Karate popular among blind youth in Gaza

Captain Hassan Raei, the Palestinian National Karate Team Manager and director of the Al-Mashtal Academy for Martial Arts, had the idea to involve visually impaired children in the sport of karate at his martial arts school in Gaza City, Gaza Strip. He came up with a training method that teaches the blind children to employ their other sensory skills, like the abilities to hear and touch, during their martial arts sessions. The training regiment he designed took place over the span of about three weeks for an hour and a half each day, and resulted in the youngsters earning their yellow belts by the end of it. 

"Al-Mashtal club decided to examine the possibility of forming a karate team for the blind, and in order to achieve this goal, we communicated with Al-Nour School for the Blind and Visually Impaired Children in Gaza City, which nominated eight children," Raei told Al-Monitor. "We have actually started with a training plan that was based on scientific research and study."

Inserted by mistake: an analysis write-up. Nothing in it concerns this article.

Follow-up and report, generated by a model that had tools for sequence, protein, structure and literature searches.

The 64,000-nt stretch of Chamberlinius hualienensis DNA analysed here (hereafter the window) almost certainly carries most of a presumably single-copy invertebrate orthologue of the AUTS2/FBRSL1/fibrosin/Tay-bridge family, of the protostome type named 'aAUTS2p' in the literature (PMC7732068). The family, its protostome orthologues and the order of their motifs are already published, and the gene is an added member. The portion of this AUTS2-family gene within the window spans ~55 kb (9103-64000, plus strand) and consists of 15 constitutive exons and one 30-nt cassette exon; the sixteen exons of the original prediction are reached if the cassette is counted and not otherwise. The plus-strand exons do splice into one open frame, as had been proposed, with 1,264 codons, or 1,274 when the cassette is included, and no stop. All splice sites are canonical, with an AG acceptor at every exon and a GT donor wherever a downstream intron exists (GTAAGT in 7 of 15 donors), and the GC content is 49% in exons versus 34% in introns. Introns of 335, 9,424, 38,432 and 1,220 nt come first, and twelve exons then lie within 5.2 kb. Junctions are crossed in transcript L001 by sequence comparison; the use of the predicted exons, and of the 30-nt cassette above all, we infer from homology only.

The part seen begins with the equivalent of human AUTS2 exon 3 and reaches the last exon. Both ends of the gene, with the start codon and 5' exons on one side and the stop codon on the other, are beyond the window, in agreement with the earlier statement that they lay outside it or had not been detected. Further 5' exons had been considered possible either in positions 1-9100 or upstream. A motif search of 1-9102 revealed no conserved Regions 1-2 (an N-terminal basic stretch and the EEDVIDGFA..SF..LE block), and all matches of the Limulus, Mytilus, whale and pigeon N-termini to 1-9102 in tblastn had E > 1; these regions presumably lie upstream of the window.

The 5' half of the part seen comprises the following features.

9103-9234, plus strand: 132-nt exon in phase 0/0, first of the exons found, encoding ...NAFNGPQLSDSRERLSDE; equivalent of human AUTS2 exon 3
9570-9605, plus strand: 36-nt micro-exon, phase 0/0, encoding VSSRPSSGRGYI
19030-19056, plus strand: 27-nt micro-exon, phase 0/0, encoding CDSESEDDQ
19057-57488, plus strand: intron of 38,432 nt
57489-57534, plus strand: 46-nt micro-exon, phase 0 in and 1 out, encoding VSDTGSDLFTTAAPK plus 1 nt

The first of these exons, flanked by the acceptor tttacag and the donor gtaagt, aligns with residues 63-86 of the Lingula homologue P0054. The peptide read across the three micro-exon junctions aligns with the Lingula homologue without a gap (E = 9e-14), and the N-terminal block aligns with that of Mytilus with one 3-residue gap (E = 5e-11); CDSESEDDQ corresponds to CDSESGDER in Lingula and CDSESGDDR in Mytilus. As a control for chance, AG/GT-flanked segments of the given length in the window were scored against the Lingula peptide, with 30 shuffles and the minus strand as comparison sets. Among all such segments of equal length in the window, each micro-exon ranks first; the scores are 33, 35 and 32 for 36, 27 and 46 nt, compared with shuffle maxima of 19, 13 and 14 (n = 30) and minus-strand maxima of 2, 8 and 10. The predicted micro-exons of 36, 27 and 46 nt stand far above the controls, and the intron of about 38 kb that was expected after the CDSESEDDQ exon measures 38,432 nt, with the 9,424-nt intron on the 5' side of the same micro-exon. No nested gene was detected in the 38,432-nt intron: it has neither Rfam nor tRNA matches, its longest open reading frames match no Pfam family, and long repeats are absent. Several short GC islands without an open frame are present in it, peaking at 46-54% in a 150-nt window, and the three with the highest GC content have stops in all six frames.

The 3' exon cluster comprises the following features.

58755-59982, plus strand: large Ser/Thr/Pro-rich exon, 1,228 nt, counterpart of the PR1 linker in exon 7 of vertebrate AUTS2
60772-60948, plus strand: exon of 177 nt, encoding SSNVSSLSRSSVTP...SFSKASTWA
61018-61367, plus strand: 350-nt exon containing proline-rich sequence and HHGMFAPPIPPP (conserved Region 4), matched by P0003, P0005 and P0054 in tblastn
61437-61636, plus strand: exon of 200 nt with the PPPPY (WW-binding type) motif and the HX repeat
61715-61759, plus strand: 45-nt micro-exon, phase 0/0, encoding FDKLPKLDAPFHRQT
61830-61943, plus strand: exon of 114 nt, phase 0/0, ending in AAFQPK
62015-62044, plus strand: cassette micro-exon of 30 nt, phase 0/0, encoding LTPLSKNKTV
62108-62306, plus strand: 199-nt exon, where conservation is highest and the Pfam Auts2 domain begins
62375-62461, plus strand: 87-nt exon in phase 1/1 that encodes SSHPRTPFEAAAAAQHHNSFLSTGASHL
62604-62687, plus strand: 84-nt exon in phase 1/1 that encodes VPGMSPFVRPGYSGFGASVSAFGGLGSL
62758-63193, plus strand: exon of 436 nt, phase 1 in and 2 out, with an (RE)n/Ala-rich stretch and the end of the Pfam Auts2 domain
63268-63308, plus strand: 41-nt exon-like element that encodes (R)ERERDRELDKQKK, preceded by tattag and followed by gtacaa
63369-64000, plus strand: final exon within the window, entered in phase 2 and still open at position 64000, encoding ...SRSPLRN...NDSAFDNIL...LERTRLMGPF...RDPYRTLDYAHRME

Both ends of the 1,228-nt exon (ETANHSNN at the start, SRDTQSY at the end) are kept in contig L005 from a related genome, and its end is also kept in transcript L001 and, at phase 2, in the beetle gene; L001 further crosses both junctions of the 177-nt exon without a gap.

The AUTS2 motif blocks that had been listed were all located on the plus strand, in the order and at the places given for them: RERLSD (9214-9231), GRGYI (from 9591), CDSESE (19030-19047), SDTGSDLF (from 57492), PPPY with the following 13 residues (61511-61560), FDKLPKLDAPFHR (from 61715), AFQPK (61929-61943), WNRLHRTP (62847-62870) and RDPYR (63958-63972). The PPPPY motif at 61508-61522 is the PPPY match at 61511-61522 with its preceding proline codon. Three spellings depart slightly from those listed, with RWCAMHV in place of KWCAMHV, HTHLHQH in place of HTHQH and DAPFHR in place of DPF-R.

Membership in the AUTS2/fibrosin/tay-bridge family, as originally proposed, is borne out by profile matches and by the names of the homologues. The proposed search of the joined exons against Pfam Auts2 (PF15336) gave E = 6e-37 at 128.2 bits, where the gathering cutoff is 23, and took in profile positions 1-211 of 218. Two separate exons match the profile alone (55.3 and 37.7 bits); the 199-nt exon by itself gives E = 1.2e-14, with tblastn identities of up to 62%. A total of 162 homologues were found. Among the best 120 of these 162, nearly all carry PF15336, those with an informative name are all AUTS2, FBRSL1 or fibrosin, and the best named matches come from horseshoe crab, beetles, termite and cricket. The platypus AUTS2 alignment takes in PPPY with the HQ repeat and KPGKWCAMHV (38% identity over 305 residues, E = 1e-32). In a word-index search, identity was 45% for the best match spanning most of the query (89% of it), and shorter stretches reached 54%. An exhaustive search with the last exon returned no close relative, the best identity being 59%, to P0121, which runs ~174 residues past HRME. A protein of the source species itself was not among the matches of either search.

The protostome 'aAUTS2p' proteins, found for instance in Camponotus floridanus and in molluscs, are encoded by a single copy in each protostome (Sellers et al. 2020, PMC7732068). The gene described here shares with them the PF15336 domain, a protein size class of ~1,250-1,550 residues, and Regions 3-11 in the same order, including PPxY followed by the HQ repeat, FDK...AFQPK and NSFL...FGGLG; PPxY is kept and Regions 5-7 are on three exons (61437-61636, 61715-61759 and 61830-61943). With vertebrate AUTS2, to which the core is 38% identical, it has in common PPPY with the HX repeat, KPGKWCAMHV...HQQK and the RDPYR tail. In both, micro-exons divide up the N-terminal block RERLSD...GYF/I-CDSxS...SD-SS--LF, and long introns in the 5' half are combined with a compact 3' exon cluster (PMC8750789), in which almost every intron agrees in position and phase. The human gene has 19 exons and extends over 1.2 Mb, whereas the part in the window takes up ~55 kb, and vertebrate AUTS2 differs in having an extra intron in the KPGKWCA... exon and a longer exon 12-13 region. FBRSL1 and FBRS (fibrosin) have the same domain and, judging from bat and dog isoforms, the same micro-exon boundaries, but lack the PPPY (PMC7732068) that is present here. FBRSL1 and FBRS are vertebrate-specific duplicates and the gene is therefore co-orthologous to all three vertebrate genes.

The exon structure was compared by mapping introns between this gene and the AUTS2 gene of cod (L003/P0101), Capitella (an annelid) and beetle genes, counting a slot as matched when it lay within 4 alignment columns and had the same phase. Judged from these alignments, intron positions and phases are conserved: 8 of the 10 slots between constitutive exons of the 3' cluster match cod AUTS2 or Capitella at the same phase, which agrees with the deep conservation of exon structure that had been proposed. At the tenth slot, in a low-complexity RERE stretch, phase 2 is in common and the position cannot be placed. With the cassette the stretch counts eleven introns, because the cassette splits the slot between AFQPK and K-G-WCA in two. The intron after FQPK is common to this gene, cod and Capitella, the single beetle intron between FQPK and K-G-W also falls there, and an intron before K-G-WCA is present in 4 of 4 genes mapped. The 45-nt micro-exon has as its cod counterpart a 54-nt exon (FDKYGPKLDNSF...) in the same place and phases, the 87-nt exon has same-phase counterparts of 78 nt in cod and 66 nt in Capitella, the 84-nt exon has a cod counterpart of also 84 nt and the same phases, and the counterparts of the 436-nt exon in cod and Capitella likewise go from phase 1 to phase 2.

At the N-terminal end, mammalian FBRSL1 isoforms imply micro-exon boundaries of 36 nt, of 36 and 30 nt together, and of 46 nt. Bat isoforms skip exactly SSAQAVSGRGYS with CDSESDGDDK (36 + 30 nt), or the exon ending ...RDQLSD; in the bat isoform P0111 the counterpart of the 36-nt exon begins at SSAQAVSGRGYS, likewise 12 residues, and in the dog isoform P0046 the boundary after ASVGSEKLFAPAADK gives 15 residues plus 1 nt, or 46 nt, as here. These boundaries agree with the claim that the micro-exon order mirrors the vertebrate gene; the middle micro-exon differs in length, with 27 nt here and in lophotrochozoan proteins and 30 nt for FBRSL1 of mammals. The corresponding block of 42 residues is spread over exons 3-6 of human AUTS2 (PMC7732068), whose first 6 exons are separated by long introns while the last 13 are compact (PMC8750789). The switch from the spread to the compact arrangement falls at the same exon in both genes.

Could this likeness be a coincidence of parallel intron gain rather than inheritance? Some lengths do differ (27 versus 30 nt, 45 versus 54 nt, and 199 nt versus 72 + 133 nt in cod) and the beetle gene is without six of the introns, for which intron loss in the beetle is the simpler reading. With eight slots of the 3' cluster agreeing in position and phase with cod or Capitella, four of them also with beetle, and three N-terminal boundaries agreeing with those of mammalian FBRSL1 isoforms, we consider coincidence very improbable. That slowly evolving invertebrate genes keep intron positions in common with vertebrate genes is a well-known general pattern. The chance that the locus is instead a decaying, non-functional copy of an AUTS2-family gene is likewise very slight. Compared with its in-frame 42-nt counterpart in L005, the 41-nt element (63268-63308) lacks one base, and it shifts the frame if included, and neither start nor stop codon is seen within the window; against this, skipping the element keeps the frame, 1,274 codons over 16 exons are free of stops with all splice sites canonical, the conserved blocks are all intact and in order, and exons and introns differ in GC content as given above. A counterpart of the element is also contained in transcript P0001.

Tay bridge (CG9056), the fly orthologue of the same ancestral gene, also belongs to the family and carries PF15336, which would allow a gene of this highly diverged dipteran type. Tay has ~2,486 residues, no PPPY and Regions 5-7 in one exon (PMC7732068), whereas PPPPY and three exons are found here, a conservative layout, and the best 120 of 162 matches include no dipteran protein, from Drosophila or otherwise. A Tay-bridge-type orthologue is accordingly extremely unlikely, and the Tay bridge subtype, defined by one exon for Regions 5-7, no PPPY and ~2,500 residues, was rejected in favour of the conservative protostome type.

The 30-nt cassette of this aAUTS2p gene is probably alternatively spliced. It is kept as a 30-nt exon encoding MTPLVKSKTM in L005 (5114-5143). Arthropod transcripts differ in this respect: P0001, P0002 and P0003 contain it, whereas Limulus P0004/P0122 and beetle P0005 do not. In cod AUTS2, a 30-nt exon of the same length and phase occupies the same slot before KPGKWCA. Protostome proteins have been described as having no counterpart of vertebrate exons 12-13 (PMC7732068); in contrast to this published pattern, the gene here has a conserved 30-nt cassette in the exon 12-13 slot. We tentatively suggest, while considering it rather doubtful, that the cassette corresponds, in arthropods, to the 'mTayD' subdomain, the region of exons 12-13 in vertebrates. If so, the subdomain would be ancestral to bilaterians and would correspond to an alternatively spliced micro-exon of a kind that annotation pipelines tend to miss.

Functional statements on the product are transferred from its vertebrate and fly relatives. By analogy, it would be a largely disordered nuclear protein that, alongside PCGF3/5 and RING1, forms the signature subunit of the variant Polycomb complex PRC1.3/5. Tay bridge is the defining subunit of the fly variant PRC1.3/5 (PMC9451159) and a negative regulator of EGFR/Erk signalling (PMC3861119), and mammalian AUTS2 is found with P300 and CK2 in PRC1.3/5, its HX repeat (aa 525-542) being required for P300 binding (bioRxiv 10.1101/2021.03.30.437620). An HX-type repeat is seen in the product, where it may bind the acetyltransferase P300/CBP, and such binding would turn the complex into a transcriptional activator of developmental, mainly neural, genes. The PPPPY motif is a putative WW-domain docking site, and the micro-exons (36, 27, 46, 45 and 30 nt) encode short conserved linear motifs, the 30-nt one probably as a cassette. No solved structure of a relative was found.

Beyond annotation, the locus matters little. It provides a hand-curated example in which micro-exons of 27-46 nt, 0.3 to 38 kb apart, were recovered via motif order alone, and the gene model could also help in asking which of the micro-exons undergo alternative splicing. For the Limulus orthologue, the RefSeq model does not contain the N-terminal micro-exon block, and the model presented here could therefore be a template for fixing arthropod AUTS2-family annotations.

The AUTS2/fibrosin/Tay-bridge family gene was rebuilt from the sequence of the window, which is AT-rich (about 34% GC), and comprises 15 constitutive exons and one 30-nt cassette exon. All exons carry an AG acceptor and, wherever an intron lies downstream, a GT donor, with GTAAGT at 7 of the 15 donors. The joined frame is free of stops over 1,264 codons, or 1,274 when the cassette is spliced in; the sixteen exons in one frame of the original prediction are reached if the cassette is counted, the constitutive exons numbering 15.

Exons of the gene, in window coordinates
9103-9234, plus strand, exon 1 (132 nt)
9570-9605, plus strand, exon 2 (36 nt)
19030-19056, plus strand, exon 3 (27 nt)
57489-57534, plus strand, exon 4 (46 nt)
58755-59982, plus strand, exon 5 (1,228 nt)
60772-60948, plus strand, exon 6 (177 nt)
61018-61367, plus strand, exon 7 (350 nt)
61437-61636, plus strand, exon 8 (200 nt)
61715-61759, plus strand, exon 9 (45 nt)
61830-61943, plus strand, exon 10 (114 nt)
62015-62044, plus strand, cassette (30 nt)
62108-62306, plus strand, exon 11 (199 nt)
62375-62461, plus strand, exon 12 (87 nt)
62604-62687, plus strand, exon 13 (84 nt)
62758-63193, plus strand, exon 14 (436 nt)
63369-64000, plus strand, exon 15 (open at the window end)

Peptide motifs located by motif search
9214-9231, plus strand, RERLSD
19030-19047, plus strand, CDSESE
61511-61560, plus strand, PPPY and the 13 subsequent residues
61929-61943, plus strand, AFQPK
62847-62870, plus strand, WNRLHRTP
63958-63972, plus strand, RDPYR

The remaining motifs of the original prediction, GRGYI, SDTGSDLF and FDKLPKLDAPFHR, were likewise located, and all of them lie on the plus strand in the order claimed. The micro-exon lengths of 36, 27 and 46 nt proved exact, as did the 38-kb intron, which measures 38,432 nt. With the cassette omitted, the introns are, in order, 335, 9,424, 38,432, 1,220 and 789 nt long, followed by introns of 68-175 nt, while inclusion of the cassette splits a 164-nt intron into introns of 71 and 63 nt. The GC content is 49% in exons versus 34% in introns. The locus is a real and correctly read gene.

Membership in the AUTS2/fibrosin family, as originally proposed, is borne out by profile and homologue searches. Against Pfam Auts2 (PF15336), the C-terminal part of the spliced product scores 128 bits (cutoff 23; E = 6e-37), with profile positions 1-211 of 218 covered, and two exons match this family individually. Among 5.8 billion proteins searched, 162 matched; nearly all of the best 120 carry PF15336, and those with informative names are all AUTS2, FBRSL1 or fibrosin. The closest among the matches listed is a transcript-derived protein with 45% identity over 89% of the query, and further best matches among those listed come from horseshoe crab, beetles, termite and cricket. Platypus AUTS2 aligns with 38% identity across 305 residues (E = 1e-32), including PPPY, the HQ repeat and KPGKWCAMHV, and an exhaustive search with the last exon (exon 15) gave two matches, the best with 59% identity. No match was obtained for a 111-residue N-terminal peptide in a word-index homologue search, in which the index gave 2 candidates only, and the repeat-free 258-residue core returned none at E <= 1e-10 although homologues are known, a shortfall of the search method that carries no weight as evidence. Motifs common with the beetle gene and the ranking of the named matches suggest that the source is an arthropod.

Boost in confidence 
Raei was extremely happy to take note of the fact that his pupils were supremely confident in themselves and in his training methods. 

"Blind people have limited access to entertainment facilities and always feel lonely," Raei said in an interview with the Middle Eastern Monitor.  "However, being involved in this rigorous sport, they become more involved in the social life at the club and mix more with others."

According to Al-Monitor, Raei made use of psychological briefing techniques to train his team. He was proud to hear of one of his student's desires to become a black belt. In fact, that has kept Hassan working with the same group of individuals. Originally, he had planned on training three separate groups of children, but after one child from the first group expressed the desire to earn a black belt and represent Palestine in the Arab International Karate Championships, he knew that he had to stick with his original group of kids. 

Their group has since been named "Martyr Ali Dawabsha's Team" in honor of an 18-month-old child who was killed in a bombing at his home. Raei's students have found great joy in representing a cause bigger than themselves and continue to find a sense of purpose, even in the face of tragedy.